Japan Shares Drop After Quake, Paring Best Week Since February

  • Earthquake in south Japan kills at least 9, injures hundreds
  • Production halted at Honda, Bridgestone, Osaka Steel plants

Shares fell in Tokyo for the first time in four days, with the Topix index paring its best weekly gain since February, as investors weighed the fallout from an earthquake that has killed at least nine and injured hundreds in southern Japan.

The Topix dropped 0.7 percent to 1,361.40 at the close in Tokyo, with two shares falling for each that rose. The measure advanced 5.7 percent this week. The Nikkei 225 Stock Average retreated 0.4 percent to 16,848.03. Trading volume on the Topix was 8.6 percent below the 30-day average.

“We had a lot of gains over the past three days so it’s easier to see profit-taking,” said Juichi Wako, a senior strategist at Nomura Holdings Inc. in Tokyo. The region where Thursday’s quake struck “has manufacturers’ plants and bases, and it’s possible that there may be effects on individual companies through the supply chains.”

A magnitude 6.5 earthquake struck southern Japan on Thursday evening, killing at least nine people and injuring more than 750. It was the strongest temblor since the 2011 quake that triggered a massive tsunami and killed about 16,000 people in northeastern Japan.

Nuclear Reactors

Thursday’s quake struck in Kumamoto prefecture at 9:26 p.m. local time at a shallow depth of 10 kilometers (6.2 miles) and was followed by several strong aftershocks, the Japan Meteorological Agency said. There were no reports of damage to Kyushu Electric Power Co.’s Sendai nuclear reactors, the only operating plants in Japan.

All Nippon Airways Co. canceled two flights from Kumamoto, with all other flights operating as normal. Honda Motor Co. halted production lines at its Kumamoto plant, Bridgestone Corp. closed a factory producing rubber hoses to perform safety
checks, and Sony Corp. evacuated a factory as a precaution but said there was no fire or injury. Damage at other companies including Renesas Electronics Corp. and Suntory Holdings Ltd. appeared minimal.

Banks and exporters, including electric-appliance manufacturers and carmakers, were the biggest drags on the Topix. Mitsubishi UFJ Financial Group Inc. lost 1.7 percent, while Mizuho Financial Group Inc. fell 2.6 percent. Ono Pharmaceutical Co. sank 7.5 percent after Citigroup Inc. cut its rating on the drug maker. Osaka Steel Co. dropped 2.1 percent after announcing it suspended operations at its Kumamoto plant. Screen Holdings Co. added 2.3 percent after Deutsche Bank AG raised its rating on the semiconductor manufacturer.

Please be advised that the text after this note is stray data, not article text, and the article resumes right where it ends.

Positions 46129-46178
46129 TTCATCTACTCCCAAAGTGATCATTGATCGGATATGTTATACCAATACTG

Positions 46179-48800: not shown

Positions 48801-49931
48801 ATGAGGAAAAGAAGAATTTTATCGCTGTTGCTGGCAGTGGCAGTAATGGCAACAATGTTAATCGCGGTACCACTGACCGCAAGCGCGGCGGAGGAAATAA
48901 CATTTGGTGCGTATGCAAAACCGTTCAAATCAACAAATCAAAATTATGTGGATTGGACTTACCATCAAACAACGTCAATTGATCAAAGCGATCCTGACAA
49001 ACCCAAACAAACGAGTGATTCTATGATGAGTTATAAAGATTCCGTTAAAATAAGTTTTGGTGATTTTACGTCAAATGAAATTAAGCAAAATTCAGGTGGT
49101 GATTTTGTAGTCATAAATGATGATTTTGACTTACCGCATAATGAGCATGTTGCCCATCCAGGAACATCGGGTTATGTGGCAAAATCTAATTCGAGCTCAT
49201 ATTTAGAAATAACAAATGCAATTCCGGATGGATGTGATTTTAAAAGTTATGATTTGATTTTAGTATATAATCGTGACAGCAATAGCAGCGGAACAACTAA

Weaker Yen

The yen traded at 109.48 per dollar, following a three-day decline as Bank of Japan Governor Haruhiko Kuroda said excessive gains have corrected somewhat in the past few days. Oil fluctuated as a meeting of major crude producers in Doha this weekend is seen having minimal impact on global supplies.

The Topix still posted its best week since the week ended Feb. 19, when it rebounded from its lowest level this year.

Japanese shares tumbled into a bear market in mid-January as global shares plunged on concern over tanking oil prices and a slowdown in world economic growth. Although the Topix is up 14 percent from its Feb. 12 low, it is lagging its peers amid a global recovery. The gauge is still down 12 percent in 2016, the third-steepest decline among global markets. The index has fallen 4.9 percent since the Bank of Japan introduced negative interest rates on Jan. 29.

Futures on the Standard & Poor’s 500 Index fell less than 0.1 percent after the underlying U.S. equity gauge closed little changed on Thursday near a four-month high as investors assessed earnings releases and data showing the labor market is improving with little pickup in inflation.

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